Brene Brown’s Rising Strong completes her trilogy of books on overcoming shame and living wholeheartedly. Each book builds on the next and is grounded in her research. Rising Strong is a powerful book; however, it should come with a warning label. “Shit storm will inevitably ensue as you read this book.”
If you read the book in any kind of earnest you will reaffirm your commitment to living wholeheartedly and as a result you will better define your boundaries and stay in touch with your emotions. Ultimately this will clash with someone else’s expectations or values in variance with yours. Someone you care about. Let me explain with my own story.
I received Rising Strong as a gift from my dear friend Mara V. Connolly who is an executive coach trained in the Daring Way. She knows I am a Brene Brown enthusiast and it was a delightful surprise to open an unexpected Amazon package and see her note. I was heading to Los Angeles so I tucked the book in my bag and began reading it almost immediately.
I was only a few chapters in when I found myself triggered and face down in the dirt. While still in the whirlpool of embarrassment and hurt, I sent an angry, hurt-you-back text to the person in my “Rumble” in the cab rushing from to the airport. I risked airsickness while I wrote what I called my “first story” in my journal on my Southwest flight home. The next morning I realized that I needed help and I reached out to Mara to process.
Over the next few days I figured out what triggered such a strong emotional reaction and the values that were stepped on. This helped me get clear about what new boundaries I needed to set with the friend in the Rumble. I wish I could report that my friend and I were able to be curious about each other’s triggers and clear. It did not go down that way and I have been processing the heartache that comes when a relationship is not what we hoped.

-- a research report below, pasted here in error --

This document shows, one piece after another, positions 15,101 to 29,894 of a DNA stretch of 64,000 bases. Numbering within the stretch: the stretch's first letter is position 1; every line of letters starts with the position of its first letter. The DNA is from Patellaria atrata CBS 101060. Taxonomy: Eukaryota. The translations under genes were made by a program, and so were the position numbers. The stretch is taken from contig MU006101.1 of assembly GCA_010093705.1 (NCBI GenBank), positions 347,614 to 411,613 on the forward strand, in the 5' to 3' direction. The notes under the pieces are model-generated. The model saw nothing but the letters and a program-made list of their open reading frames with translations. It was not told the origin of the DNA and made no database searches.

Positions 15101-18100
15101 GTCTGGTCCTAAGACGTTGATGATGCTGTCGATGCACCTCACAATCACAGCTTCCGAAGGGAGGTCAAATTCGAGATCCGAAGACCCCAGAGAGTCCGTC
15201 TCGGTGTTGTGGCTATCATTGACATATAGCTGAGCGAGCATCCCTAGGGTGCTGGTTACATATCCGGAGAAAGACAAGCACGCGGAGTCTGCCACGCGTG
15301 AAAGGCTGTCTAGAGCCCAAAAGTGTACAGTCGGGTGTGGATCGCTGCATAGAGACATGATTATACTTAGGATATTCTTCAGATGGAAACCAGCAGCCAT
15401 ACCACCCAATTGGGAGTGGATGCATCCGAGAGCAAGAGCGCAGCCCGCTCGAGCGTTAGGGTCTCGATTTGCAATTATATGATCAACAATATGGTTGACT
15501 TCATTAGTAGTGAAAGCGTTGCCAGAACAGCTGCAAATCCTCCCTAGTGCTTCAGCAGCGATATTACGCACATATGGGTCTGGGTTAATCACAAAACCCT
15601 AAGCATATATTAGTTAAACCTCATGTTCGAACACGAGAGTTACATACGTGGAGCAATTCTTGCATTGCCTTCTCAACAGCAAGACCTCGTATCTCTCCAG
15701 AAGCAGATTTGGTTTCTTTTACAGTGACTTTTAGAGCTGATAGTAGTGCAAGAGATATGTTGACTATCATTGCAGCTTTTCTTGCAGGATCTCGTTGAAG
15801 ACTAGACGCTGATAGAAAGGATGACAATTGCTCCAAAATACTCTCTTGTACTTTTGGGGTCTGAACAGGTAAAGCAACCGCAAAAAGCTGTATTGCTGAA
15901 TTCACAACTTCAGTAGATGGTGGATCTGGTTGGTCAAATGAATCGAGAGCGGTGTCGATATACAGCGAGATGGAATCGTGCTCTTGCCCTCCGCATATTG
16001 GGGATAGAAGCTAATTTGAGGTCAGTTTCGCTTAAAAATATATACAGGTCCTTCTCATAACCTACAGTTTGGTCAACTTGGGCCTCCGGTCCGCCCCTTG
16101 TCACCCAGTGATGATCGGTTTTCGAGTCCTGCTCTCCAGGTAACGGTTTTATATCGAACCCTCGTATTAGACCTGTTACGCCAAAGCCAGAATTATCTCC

As I read the rest of the book I kept referencing my Rumble. It was such a powerful learning opportunity. I especially struggle with the question, “Are people in general doing the best they can?” This cracks open my own harsh self-judgement for the times when I stumbled and did not live up to my own standards. Was I doing the best I could in that moment when I sent the angry text? I do not think so.
The key to the question is “in general”. I am not asking: are people infallible? Instead I am choosing a more compassionate life philosophy. If I assume that people are in general doing the best they can in this moment, then I can extend grace and live life more wholeheartedly, that is a life defined by courage, engagement and clear sense of purpose.
This assumption that people are doing their best first came up when I was coaching with Marj Plumb. The CTI Co-Active Coaching curriculum says every client is creative, resourceful and whole. I remember really challenging this with Marj. What about the people who are mentally ill? And Marj encouraged me to continue to start from the assumption that people are doing their best. Like forgiveness, starting from this place of grace and compassion is as much for my own benefit as the other person’s.
If I assume that I am doing my best, I can be curious about my own triggers and extend grace to myself. This does not mean I never need to repair with someone for something I said thoughtlessly. It does mean I can lay down that incident as a lesson learned instead of continually using it as a lash to whip myself for my inadequacy. And get on with the business of leadership.